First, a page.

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Program Committee Member: Tony Printezis

JVM/GC Engineer @Twitter & Twitter Rep at JCP Executive Committee

Tony Printezis is a Staff Software Engineer at Twitter and a member of the VM Team in the Infrastructure Organization. He has over 20 years of virtual machine implementation experience with special focus on memory management. Most of his projects have involved improving the performance, scalability, responsiveness, parallelism, concurrency, monitoring, and visualization of garbage collectors. He was one of the designers of (and tech lead of) the G1 GC and the original implementer of the CMS GC.

Before Twitter, Tony worked at Adobe, the Java organization at Oracle and Sun Microsystems, and Sun Microsystems Laboratories. He holds a PhD and a BSc(Hons) in Computing Science, both from the University of Glasgow in Scotland.

Find Tony Printezis at

Interview

Question: 

What are you currently working on?

Answer: 

I work in the Twitter VM Team and we maintain, release and improve TwitterJDK, which is our internal JDK release most Twitter services use. It's basically OpenJDK with a bunch of custom changes and improvements. We try to use the latest update of the major Java version we are on for all the obvious reasons: security patches, bug fixes, etc. And we have added a fair amount of additional stuff to address any performance or other issues that we’ve come across in our data centers. We don't do anything for the sake of it. We do everything based on what we observe in our data centers. A lot of our changes involve profiling and trouble-shooting in production, which is why I proposed the Trouble-Shooting In Production track: it’s an important topic for us and a lot of other companies. These days, my team’s major project is migrating from Java 8 to Java 11. We're still in the process of doing that. We have a pretty stable release for Java 11. I did a lot of work to get that release ready for prime time. And we’ve started migrating services over. Any other changes that we want to do to our 11 release, I'll be working on that. And helping teams move over.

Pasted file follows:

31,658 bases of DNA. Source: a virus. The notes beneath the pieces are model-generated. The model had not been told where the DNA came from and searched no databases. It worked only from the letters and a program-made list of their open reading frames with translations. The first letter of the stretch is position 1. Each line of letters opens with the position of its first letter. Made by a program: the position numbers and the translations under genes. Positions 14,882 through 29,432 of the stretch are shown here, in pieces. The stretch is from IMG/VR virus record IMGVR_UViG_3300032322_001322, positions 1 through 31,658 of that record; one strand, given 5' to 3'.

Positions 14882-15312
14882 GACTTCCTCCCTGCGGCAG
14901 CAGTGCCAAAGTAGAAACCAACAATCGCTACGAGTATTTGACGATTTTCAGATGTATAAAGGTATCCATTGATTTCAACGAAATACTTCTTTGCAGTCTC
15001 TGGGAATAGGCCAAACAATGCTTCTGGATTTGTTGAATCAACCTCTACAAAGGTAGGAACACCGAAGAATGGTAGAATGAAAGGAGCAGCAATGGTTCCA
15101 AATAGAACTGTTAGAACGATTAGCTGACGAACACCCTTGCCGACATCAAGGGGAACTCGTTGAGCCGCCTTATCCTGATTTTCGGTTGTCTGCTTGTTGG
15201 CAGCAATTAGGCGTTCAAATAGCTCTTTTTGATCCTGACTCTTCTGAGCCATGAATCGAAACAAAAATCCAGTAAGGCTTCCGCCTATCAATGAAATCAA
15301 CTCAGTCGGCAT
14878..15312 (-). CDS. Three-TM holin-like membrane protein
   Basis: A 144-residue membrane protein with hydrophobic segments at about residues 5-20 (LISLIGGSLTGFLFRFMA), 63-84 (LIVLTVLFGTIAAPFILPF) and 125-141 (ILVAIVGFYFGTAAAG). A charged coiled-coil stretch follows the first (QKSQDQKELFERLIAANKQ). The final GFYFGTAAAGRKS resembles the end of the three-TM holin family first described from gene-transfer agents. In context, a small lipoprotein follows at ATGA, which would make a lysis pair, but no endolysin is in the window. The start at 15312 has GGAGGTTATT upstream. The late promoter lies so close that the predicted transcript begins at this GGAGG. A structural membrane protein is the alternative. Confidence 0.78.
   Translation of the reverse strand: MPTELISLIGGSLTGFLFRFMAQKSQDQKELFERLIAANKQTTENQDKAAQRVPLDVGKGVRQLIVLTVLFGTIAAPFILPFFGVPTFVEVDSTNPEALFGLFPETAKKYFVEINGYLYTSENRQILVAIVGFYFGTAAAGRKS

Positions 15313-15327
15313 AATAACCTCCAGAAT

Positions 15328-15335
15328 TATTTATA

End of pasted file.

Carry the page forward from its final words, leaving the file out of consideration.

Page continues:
Question: 

What was your first experience with QCon?

Answer: 

I was in 2015. Monica Beckwith was the track host for the Java track and she invited me to speak. The week before I spoke at Devoxx in Belgium. It was more or less the same presentation. What I had to do was to fly to Belgium, then I flew directly to San Francisco from Belgium for QCon, and I then went home. That was a long trip. That was my first exposure to QCon. I spoke once after that, again in San Francisco, and I’ve attended QCon NY a few times. Once Twitter was an exhibitor and I spent some time at our booth. A couple of years ago, Twitter sponsored an entire track and I was the track host for that. We had presentations on the entire Twitter stack, from hardware/OS up to observability. That was really cool. I have been to QCon SF 3 times and QCon NY probably 4 times.

I have been a big advocate of the QCon conferences. One of the reasons is the attention to detail. They always try to have a good chunk of time between sessions, because a lot of the most important stuff that happens during conferences is the discussions between sessions, who you talk to, who you meet, etc. And I love the fact that I don't have to run from one session to the other and the speakers don’t have to rush setting up or tearing down. You know, after you finish you have to hurry because you have two minutes… it's a much better experience when you can take your time. The food is also great, some of the best I've ever had at a conference.

Question: 

Can you say a few things about what it was like being a speaker?

Answer: 

I used to be super nervous speaking in front of even five people. Then I was an academic for a couple of years and I had to speak several times per week, so I got over that. It's a case of if you keep speaking frequently you’ll get used to it sooner than later. I've spoken in front of 14 hundred people at JavaOne. But it was a long time ago. It's been easy for me since then. What I'm worried about is not about how I am going to deliver the material, but I want to make sure that the material is good and that people are going to learn something from it.

Question: 

What are some of the topic areas that you're most excited about?

Answer: 

I'm clearly biased because my interests are very focused. I'm always interested in hearing the Java track, what people are up to and what new technologies are coming up.

QCon is a great conference, and it has a very good breadth. I was mostly used to Java conferences in the past. Interesting to see that there are other things besides Java! I also really like the Optimize Yourself track. I don't know that many conferences that do that.

Tracks